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Scientists Double Life Expectancy of Embryos in Labs, Raising Concerns

Imaging a human embryo in the absence of maternal tissues - day 10 (left) and day 11 (right).  (Image:  Zernick-Goetz lab, University of Cambridge)
Imaging a human embryo in the absence of maternal tissues - day 10 (left) and day 11 (right). (Image: Zernick-Goetz lab, University of Cambridge)

Scientists from the U.K. and U.S have now developed a new technique that enables a human embryo to live outside the womb far longer than before. However, any future experiments are sure to be fraught with ethical issues.

For the first time ever, researchers have grown human embryos outside of the uterus for 13 days, which is a significant improvement from the previous record of nine days. This development would give us a better understanding into the little understood stages of human ontogenesis.

This accomplishment, however, has put research that involves in vitro human embryos on a “collision course” with international regulations that has a 14-day limit on laboratory studies of embryos.

For decades now, scientists have been able to make and study human embryos in their labs; however, keeping them alive outside a woman’s womb for more than about a week has proven difficult — until now.

The two leading labs created a chemical environment in which the embryo is tricked into thinking it is in a womb while it remained in a petri dish.

The embryos thrived until day 13, and then the scientists were forced to terminate to avoid breaching the international regulations, as both the U.S. and the U.K. forbid scientific experiments on human fetuses over two weeks old.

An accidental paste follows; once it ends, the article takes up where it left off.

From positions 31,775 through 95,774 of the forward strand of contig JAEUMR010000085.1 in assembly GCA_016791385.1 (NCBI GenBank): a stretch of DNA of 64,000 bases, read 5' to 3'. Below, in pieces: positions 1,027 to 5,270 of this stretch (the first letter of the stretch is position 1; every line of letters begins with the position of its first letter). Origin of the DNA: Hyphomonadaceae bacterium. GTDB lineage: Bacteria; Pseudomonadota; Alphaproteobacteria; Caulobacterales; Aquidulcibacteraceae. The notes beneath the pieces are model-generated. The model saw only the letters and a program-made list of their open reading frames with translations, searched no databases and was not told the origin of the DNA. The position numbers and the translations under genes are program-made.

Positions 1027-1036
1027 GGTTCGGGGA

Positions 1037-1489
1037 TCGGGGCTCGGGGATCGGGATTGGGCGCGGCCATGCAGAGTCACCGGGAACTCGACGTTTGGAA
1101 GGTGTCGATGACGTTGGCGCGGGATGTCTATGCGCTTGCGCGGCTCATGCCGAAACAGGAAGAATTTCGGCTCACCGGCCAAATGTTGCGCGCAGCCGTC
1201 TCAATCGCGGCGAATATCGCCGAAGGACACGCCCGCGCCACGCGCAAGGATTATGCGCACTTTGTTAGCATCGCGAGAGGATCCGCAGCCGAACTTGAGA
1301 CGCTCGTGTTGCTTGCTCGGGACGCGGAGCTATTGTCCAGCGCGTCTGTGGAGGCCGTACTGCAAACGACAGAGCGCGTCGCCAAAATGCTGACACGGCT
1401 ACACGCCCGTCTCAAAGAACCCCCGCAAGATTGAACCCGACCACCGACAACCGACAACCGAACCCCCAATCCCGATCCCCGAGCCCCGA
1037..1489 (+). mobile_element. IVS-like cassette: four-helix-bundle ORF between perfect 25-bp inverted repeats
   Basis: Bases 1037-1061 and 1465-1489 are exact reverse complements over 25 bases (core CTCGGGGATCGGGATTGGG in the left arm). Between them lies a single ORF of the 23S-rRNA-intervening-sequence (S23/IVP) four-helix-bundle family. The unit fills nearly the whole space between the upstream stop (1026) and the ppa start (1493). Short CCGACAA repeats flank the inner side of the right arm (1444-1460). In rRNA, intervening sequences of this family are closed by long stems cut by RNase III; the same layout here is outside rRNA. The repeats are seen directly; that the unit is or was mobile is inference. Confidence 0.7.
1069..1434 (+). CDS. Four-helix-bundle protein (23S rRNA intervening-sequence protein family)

Magdalena Zernicka-Goetz, a developmental biologist at the University of Cambridge, and who led the U.K. team, said in a statement:

Ali Brivanlou, a biologist at Rockefeller University in New York City, and who headed the U.S. team, said:

In their research, both teams had found a mystery cell cluster that appeared on day 10 of development, which had disappeared on day 12. This suggests that there is a previously unknown biological process taking place. There were also “significant differences” found in the developmental cycles of mice, which are frequently used as stand-ins for humans in laboratory research.

Ethical debate

While the scientific benefits of the experiments are hard to deny, the 14-day experiment deadline was adopted due to ethical reasons. The scientists argue that the limit is reached long before the ethical issues should become a practical concern.

Ethical issues should begin when the clusters of cells stop merging and splitting, and become distinct individual entities that eventually grow into a human fetus. Daniel Brison from the University of Manchester told BBC:

However others expressed concerns. Daniel Sulmasy, a doctor and bioethicist at the University of Chicago, told NPR:

Even though Zernicka-Goetz believes that just a few days extra could bring vast discoveries, she has conceded that she wouldn’t lobby to overturn the current limitations. However, the Nuffield Council of Bioethics, who is the U.K. body which decides on sensitive scientific research, has stated that it will review the current experiment limits.

Brinvalou explained:

The comparison is not the best one; there are a lot of differences between them. However, even the researchers admit the current restrictions can still accommodate an entirely new field of research.

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